Theses Doctoral

Making the American Secular: An Ethnographic Study of Organized Nonbelievers and Secular Activists in the United States

Blankholm, Joseph

In recent years, the number, size, and budgets of America's nonbeliever organizations have all grown. Though these groups participate in avowedly "secular" coalitions, they relate to religion in diverse ways that the scholars who study them have thus far overlooked. Some groups want nothing to do with religion, some seek to emulate it, and others are avowedly religious. This dissertation is an ethnographic study of the leaders and activists who run these groups and promote secularism. Relying on sixty-five in-depth interviews with group leaders and members, as well as more than two years of participant observation, it situates organized nonbelief within the evolving landscape of American religion. Because existing studies have mapped nonbeliever groups onto a polarized secular/religious spectrum, they have failed to account for the religious diversity within the secular. To make it legible, I argue for a rhizomatic framework that attends to the many different ways in which organized nonbelievers imagine the secular/religious boundary and their relationship to it.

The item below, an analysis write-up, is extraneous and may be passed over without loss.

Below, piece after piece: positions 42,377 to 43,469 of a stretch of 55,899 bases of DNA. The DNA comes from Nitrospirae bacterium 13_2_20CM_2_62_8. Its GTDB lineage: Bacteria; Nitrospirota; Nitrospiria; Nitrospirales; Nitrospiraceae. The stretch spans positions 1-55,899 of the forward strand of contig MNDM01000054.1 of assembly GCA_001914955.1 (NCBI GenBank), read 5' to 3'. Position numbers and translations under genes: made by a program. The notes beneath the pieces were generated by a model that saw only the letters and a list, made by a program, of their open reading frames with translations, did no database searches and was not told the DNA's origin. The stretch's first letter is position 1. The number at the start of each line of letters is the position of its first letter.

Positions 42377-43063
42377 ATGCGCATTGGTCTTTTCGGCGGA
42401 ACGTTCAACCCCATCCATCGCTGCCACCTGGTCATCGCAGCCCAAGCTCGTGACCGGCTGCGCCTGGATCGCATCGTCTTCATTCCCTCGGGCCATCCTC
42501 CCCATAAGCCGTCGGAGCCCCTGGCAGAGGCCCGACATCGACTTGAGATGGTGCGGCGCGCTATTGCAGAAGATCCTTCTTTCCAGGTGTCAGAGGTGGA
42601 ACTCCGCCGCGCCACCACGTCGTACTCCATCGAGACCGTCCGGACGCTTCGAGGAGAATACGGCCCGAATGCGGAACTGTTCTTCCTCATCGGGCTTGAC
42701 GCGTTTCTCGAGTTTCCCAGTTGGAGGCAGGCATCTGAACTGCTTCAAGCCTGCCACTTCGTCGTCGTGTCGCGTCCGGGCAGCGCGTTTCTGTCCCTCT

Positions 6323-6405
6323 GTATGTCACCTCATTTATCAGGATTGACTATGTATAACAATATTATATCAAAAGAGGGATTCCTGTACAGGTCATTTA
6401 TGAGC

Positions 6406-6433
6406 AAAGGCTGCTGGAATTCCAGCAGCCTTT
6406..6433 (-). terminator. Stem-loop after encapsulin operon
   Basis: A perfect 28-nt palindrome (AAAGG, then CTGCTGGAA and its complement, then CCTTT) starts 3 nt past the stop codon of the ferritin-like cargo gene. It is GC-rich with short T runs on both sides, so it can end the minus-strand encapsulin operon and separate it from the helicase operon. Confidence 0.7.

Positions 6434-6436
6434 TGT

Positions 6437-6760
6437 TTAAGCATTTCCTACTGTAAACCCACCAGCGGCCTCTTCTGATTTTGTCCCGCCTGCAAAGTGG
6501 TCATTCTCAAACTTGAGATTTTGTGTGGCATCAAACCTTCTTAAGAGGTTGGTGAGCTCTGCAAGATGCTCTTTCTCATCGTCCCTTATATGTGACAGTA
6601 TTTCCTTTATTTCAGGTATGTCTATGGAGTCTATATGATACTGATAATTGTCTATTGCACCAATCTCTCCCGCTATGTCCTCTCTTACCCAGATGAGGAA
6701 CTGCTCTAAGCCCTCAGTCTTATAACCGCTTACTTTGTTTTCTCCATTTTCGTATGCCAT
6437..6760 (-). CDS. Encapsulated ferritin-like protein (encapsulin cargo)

Working from the discipline of Religious Studies, I unite two emerging fields that have thus far stood apart: the social scientific study of nonbelievers and the study of the secular and secularism. Drawing from recent theoretical work on the secular, I argue for a more nuanced understanding of the secular/religious boundary, and I demonstrate how it shifts over time and across groups. Drawing from my ethnographic and historical research, I argue for a new framework that can account for the everyday forms of secularism that bear little resemblance to the pervasive, structuring condition described by theorists. In turn, I argue that scholars should adopt a more reflexive approach that acknowledges their entanglement in making the American secular.


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More About This Work

Academic Units
Thesis Advisors
Bender, Courtney J.
Ph.D., Columbia University
Published Here
April 24, 2015